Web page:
Leaving a Legacy

KSU Graduate

"So that was a real feather in my cap."

"But how did we get to Georgia? From Wisconsin we went to Buffalo. From Buffalo, we were transferred to Connecticut. And then in 1978, Steve said, 'How would we like to move to Atlanta?' And by that time I’d had enough of the cold, and I’d heard really good things about Atlanta, so we did get a job in Atlanta, and we moved to Marietta. And we lived there for 26 years. And Steve eventually left Pepsi and went to work for several other companies, and I went to school at Kennesaw State University, starting in 1985, and I was working and raising the family, and eventually, in 2004, I graduated with a degree in marketing. So that was a real feather in my cap, I felt.

And my mother, two years ago, moved to Marietta, and she lives in a retirement community, and she loves it here. She’s 94.5, and we hope that she’ll be around for many years, but we’re really excited about her celebrating her 95th birthday. Unfortunately, she lost Aunt Hiddie earlier this year. Aunt Hiddie had a stroke, but they were very close, and she’s the last one of her family. She’s been through so much, but she has a lot of character, and she goes to synagogue every week.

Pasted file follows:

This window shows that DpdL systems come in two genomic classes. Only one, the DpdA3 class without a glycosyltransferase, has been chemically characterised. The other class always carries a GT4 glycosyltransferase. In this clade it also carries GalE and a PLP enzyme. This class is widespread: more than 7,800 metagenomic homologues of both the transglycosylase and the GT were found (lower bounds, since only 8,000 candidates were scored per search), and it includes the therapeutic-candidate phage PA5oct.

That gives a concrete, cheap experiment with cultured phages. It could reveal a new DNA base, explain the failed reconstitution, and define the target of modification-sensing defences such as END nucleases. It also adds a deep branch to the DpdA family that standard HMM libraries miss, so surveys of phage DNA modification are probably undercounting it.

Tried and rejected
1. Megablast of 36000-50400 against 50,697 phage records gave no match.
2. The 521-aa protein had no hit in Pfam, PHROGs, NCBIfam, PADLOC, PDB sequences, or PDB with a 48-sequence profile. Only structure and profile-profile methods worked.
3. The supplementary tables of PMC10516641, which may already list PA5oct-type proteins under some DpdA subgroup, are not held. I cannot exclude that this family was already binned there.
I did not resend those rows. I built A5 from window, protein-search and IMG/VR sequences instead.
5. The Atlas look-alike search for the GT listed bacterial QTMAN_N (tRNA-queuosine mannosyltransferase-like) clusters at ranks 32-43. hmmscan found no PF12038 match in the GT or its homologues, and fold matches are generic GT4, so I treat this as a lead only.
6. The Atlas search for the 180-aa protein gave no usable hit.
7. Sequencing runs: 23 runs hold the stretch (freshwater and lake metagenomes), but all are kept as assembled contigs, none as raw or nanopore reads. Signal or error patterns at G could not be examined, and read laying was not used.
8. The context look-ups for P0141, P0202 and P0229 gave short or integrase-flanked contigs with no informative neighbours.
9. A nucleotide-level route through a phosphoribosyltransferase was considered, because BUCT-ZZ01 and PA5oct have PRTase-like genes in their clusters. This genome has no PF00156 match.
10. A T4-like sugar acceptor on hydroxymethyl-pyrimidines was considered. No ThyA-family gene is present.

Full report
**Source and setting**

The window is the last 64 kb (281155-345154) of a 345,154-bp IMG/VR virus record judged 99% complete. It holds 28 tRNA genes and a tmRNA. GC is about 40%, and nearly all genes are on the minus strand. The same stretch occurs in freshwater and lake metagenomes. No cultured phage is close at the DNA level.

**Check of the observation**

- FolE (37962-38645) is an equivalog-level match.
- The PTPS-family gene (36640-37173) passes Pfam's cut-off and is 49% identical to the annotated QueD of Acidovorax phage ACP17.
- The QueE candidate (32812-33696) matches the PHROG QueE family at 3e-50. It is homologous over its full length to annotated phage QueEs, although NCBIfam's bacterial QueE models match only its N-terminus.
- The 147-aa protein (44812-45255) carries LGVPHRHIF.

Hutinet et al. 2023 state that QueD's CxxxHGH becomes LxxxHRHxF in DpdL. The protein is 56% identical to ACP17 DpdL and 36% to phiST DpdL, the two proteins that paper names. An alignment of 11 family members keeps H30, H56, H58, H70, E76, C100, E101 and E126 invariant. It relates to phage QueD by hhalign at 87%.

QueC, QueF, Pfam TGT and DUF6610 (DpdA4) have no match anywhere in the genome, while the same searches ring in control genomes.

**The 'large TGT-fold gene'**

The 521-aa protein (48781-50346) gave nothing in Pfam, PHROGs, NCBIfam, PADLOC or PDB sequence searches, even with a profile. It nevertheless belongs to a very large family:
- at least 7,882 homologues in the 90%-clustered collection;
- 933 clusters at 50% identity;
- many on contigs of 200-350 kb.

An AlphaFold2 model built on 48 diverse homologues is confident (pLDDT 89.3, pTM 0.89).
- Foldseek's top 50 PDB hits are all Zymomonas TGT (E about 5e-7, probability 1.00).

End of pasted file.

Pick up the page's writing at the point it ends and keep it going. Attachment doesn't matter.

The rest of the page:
Considering my family's legacy, I hope they’ll come to understand that there was a lot of tragedy that the family endured, but they never gave up their belief in God, and my mother has shown me – and my aunts-- through their actions and their lives-- that we need to be accepting of one another. We need to be tolerant. We need to reach out and embrace our neighbors, our friends-- that we shouldn’t be prejudiced, that this can lead to catastrophic situations.

And to really understand that these many people that were killed for being different, being different than the norm, so to speak-- but we all come from the same source. And we need to be very dilligent about our personal human rights, and to be suspect when things don’t seem right, and to try to correct the wrongs of other people. And we need to explain to people who don’t necessarily have the same-- that are not on the page, so to speak-- that we have a dialogue with them. And we try to work things out the best we can, and communicate, and not shut one another out. And we pray for world peace, and for unity."

Editor's Note: Susan Heinemann Berman recorded her oral history for the Legacy Series on October 31, 2019 with curator Adina Langer at the Sturgis Library at Kennesaw State University.